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Objects of worship, then and now.

(this post was reblogged from maxistentialist)
Played 10 times

Ludwig van Beethoven, String Quartet no. 9 in C, op. 59 no. 3 “Rasumovsky,” IV: Allegro molto, Fauxharmonic Orchestra

The Fauxharmonic is a virtual orchestra that takes music samples and rearranges them to fit any score. Compare this performance to that from a flesh-and-blood ensemble. To me, the phrasing, cadence, and balance sounds a bit “off,” but it’s unclear whether this is because of technological limitations or simply the rearranger’s own musical choices. Or perhaps we’ve come to the auditory version of uncanny valley, where the closer a virtual performance comes to a real one, the stranger it sounds.

ETA: A few specifics on what I found wrong. The slight “crack” as a bow attacks a string is not present, and the sound just sorts of oozes in and out of each note. And each tone sounds just like that, a tone; I guess the resonances of a real instrument are hard to reproduce.

Rebecca Black, Friday vs. The Beatles, A Day in the Life. Thanks to I Love Charts for posting my submission. This is a better-formatted version of my earlier brain dropping, although I’m certainly not the first one to notice the similarity in the two songs’ lyrics.

Rebecca Black, Friday vs. The Beatles, A Day in the Life. Thanks to I Love Charts for posting my submission. This is a better-formatted version of my earlier brain dropping, although I’m certainly not the first one to notice the similarity in the two songs’ lyrics.

(this post was reblogged from ilovecharts)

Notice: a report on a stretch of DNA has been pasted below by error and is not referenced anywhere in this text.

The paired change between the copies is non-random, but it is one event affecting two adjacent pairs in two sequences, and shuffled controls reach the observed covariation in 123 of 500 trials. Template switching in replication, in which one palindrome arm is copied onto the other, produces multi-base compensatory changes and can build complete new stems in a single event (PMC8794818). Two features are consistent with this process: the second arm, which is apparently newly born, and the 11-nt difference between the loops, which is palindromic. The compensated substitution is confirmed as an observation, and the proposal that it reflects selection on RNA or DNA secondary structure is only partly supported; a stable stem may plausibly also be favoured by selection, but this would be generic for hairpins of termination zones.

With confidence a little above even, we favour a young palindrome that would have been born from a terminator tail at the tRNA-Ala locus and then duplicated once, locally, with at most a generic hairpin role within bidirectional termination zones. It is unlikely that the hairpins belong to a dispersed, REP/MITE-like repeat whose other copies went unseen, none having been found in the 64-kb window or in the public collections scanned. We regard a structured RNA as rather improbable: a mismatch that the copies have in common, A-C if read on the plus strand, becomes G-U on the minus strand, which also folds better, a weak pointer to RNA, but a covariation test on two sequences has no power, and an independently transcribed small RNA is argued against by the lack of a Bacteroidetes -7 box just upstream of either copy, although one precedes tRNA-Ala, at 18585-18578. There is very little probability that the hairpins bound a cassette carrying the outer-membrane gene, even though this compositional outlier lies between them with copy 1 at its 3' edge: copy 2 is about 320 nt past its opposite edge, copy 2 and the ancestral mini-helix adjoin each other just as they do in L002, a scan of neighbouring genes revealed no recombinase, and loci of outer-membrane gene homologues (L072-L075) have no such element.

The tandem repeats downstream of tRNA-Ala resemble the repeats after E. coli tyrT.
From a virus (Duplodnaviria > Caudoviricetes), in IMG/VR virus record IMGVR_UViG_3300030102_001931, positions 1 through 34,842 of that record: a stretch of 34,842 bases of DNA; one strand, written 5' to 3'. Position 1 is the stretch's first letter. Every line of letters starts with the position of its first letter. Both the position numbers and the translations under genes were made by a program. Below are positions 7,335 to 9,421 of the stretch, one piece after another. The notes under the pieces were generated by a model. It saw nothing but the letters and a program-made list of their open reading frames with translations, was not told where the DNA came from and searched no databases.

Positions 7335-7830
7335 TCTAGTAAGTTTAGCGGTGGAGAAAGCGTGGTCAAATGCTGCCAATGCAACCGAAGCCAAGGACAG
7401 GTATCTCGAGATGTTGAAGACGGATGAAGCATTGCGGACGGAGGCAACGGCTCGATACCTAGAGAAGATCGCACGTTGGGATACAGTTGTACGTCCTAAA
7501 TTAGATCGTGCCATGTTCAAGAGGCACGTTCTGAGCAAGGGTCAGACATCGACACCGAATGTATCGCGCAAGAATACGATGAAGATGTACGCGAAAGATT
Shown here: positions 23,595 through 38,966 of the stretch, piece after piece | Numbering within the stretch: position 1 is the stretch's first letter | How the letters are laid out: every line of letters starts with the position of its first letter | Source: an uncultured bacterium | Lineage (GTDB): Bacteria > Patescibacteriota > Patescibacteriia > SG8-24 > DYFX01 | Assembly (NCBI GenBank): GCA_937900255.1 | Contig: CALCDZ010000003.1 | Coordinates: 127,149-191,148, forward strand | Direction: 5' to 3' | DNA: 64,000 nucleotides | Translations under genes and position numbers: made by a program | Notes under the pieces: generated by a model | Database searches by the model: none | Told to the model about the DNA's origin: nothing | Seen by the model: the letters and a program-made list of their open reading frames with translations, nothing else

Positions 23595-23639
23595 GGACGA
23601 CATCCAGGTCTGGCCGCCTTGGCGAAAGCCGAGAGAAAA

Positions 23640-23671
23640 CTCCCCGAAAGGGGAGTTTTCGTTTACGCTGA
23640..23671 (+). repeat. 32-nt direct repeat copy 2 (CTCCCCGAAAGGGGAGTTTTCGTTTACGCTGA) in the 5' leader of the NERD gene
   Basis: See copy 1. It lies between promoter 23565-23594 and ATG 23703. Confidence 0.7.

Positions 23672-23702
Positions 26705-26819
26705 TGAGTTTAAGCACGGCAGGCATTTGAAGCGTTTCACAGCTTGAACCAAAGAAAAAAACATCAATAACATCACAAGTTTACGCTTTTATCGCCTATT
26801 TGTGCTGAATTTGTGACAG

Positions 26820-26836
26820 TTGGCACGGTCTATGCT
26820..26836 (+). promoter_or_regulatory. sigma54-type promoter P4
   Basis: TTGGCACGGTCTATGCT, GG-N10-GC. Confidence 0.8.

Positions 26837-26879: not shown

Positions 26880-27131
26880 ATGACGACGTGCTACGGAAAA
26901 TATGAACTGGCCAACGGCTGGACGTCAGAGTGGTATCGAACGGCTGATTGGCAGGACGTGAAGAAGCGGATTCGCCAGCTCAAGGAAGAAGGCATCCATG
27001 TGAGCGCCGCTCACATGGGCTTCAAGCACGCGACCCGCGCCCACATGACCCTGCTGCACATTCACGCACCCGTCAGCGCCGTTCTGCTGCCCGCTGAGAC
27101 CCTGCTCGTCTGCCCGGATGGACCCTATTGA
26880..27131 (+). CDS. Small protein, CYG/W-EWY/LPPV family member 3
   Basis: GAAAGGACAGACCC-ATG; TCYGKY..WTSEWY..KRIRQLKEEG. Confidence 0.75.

Sacrilege?

Uh, I just noticed this similarity:

Rebecca Black, Friday

7 a.m. waking up in the morning
Gotta be fresh, gotta go downstairs
Gotta have my bowl, gotta have cereal
Seeing everything, the time is going
Ticking on and on, everybody’s rushing
Gotta get down to the bus stop
Gotta catch my bus

The Beatles, A Day in the Life

Woke up, fell out of bed
Dragged a comb across my head
Found my way downstairs and drank a cup
Looking up, I noticed I was late
Found my coat and grabbed my hat
Made the bus in seconds flat

grainsoflight:

Sharon Core | Early American, Tea Cakes and Sherry, chromogenic print, 11.5 x 15.5 inch, 2007

Raphaelle Peale | Still Life with Cake, oil on wood, 10.75 x 15.25 inch, 1818, Metropolitan Museum of Art, New York, New York

(this post was reblogged from grainsoflight)

Life imitates art

A fighter jet, reported to belong to the Libyan rebel forces, is shot down and crashes over Benghazi, Libya, March 19, 2011. Photo by Patrick Baz for AFP/Getty Images.

Fiona Banner, Harrier and Jaguar, Tate Britain Duveens Commission 2010, Tate Britain, London. (How did they hang this thing?)

blakegopnik:

Daily Pic (afternoon edition): When I woke up to my New York Times yesterday, the cover of “T,” its style magazine, caught my eye: It had a photo of the actress Salma Hayek’s face, lit by a burning match she was holding in her teeth. I like looking at Hayek as much as anyone, but it wasn’t her beauty I found arresting. It was the fact that the portrait seemed a take-off on a 2003 image by New York artist Josephine Meckseper.

I know, because that photo was hanging on her studio wall when I interviewed her for her first mass-media profile, in the Washington Post in 2004, and we ran the photo big with the piece.

Yesterday, I assumed that the Times photo was a deliberate homage. Today, I’m hearing that Meckseper hadn’t known about the Hayek image until it appeared.